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Divorce law blog

Top tips for managing legal costs

14/02/2013   By: Anna Heenan

Many people’s biggest fear about going to see a solicitor is what it’s going to cost them. The much-publicised tale of divorcing lawyers Anna-Marie Harvey Kavanagh and Giles Kavanagh, who squandered almost all their assets in divorce costs, will hardly have helped. But remembering a few very simple guidelines could save you from suffering the same fate.

1. Preparation is key

Divorce can leave you really worried about the future for you and your children. An initial meeting with a solicitor can help answer your questions and help you to decide on a way forward. It does not tie you in to using a solicitor.

If you prepare for the first meeting you will get more out of it. For example, make a list of your questions, prepare a list of your assets and liabilities (and, if possible, take along some documentation) and write down some basic details (full names, dates of birth etc) for you, your partner and your children. 

2. Be realistic

Sometimes legal fees are an investment. One of the most important things to do on divorce is to sort out your finances. Even if you and your spouse have no joint assets it is important to get a consent order dismissing all of your financial claims against each other. There will be legal costs involved in this but those costs will protect you from claims in the future (when you might have a lot more for your spouse to make a claim against). 

3. If you decide to try and agree directly with your spouse, make sure you do it properly

First, you and your spouse need to provide each other with the details of (and supporting financial documentation for) all of your financial assets (including those bank accounts you don’t really use), your income, your pension(s) and any liabilities. This is known as disclosure. Disclosure can be in lots of different forms: you don’t necessarily have to complete a Form E (the form used if you go to court).

Second, make sure your agreement covers everything. Very broadly, you should consider how you are going to deal with your assets, your pensions and your income. Think about how you are going to make your agreement work. For example, if one of you is going to take over the mortgage, ask the bank if this is possible.


4. Be clear about what you want your solicitor to do

One of the biggest reasons that legal costs increase is changing instructions. Think carefully about what you want your solicitor to do from the outset.

Generally, the cheapest way to get your divorce sorted is reaching an agreement with your spouse (directly or through mediation) and asking your solicitor to draft the documents. However, if you tell your solicitor that you just want them to draft the documents then the amount of legal advice they provide is likely to be limited.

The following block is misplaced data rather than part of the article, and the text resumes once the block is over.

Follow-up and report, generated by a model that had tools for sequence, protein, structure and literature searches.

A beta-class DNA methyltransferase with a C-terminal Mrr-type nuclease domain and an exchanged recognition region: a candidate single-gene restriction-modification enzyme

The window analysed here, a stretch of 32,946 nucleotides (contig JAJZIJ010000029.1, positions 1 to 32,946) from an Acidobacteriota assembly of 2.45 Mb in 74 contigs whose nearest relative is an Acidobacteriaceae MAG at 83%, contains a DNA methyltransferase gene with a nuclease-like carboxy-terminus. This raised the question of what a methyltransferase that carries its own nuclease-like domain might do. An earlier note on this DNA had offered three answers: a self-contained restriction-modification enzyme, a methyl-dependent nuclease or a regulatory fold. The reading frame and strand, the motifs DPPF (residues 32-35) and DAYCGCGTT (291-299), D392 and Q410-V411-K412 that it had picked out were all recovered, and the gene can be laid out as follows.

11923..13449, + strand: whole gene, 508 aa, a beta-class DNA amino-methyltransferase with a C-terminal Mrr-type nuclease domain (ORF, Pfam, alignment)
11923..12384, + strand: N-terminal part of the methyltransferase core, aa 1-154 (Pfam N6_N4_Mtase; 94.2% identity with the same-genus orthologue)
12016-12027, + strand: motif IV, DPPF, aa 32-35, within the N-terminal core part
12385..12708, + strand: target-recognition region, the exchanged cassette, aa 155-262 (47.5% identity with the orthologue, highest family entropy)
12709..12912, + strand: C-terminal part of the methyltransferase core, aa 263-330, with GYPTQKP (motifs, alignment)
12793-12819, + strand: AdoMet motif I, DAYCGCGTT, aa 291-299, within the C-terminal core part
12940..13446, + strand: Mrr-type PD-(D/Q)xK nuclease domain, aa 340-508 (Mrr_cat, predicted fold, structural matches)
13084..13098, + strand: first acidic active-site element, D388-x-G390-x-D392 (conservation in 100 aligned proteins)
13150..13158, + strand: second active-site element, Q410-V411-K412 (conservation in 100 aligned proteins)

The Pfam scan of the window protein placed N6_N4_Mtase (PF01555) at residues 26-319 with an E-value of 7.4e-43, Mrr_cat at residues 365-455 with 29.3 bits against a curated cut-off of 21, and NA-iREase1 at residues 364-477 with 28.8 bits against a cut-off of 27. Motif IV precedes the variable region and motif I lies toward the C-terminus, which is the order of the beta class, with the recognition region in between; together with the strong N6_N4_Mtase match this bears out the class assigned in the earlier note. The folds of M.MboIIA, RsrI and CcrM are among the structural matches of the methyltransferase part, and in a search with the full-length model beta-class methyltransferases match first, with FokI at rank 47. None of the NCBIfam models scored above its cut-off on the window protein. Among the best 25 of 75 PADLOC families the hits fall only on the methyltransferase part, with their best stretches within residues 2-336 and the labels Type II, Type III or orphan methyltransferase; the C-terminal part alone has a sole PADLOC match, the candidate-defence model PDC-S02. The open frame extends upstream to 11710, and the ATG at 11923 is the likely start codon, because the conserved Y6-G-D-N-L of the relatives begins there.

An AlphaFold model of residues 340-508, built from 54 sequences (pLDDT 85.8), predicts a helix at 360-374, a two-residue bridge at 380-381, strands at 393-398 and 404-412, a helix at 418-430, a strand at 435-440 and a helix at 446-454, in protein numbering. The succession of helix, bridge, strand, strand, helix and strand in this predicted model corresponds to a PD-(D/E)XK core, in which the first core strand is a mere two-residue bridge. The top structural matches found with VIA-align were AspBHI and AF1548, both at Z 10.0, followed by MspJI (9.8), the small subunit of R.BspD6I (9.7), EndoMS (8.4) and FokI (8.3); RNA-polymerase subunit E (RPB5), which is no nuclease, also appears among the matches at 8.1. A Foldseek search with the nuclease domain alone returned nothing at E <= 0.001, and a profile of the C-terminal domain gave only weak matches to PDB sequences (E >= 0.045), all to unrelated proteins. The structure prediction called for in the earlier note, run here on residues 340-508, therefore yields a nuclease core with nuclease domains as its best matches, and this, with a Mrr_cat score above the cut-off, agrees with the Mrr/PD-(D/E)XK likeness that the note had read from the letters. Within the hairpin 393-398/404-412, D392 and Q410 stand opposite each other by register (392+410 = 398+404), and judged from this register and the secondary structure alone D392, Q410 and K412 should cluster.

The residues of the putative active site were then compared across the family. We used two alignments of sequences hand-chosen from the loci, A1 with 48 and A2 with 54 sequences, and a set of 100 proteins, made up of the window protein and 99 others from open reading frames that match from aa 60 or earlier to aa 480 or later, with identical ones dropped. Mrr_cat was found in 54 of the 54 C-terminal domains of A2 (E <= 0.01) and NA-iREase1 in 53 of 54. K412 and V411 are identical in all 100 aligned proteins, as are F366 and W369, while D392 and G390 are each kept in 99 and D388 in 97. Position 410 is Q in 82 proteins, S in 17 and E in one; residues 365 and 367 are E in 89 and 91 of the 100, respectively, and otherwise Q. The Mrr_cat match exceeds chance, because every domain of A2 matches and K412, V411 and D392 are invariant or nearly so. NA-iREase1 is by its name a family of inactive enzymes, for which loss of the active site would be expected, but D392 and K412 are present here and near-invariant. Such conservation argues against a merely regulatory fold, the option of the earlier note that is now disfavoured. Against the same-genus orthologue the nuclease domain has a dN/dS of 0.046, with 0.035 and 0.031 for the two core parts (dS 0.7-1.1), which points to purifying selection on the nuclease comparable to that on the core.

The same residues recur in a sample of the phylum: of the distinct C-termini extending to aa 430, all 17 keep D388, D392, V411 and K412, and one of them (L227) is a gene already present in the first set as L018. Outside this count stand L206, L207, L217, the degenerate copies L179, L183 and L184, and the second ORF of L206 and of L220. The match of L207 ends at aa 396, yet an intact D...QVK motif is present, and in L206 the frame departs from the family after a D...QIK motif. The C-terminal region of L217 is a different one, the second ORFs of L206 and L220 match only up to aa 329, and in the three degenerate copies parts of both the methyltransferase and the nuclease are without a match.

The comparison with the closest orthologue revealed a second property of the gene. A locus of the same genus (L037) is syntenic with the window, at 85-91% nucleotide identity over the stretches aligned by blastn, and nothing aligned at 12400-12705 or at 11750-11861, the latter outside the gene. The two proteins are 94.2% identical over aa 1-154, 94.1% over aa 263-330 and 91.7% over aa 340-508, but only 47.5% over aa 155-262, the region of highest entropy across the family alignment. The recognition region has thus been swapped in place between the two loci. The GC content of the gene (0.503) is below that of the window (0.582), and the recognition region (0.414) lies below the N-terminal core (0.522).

Remember also that if you haven’t got a clear agreement (see 3 above) then your solicitor is not going to be able to just draft a document for you. The amount of work they will have to do is likely to be greater.

5. Correspond with your solicitor in a targeted way

Virtually all solicitors will charge based on the time they spend on your matter. Therefore, the more you correspond with them, the higher your bill will be. This is something that you can directly control.

Consider your emails before you send them. It is very easy to fire off a quick email and then to send another later on when something else occurs to you. Instead, send a single considered email covering everything. This will be easier and quicker for your solicitor to deal with (and so cheaper for you).

If you are providing your solicitor with documents, do what you can to make these easy for your solicitor to read. For example, put them in chronological order or provide an index. Anything that makes life quicker and easier for your solicitor makes things cheaper for you. 

6. Don’t delay

If you have taken the decision to divorce then it is sensible to get things sorted as soon as possible. First, there is often a lot of tension surrounding financial issues and relationships generally improve once these issues are resolved. Second, from a costs perspective, if you do not contact your solicitor for several months then they will need to read into your file from scratch. This is a cost that is entirely avoidable.

These steps should help you to work with your solicitor in the most cost-effective way possible to reach the result that you want. The key is to be organised and, as far as you are able to, always keep in mind what it is you want to achieve. Finally, if you are ever in doubt about your costs position or what you can do to manage your costs, then ask your solicitor for further guidance.

Anna Heenan
Family Law Solicitor

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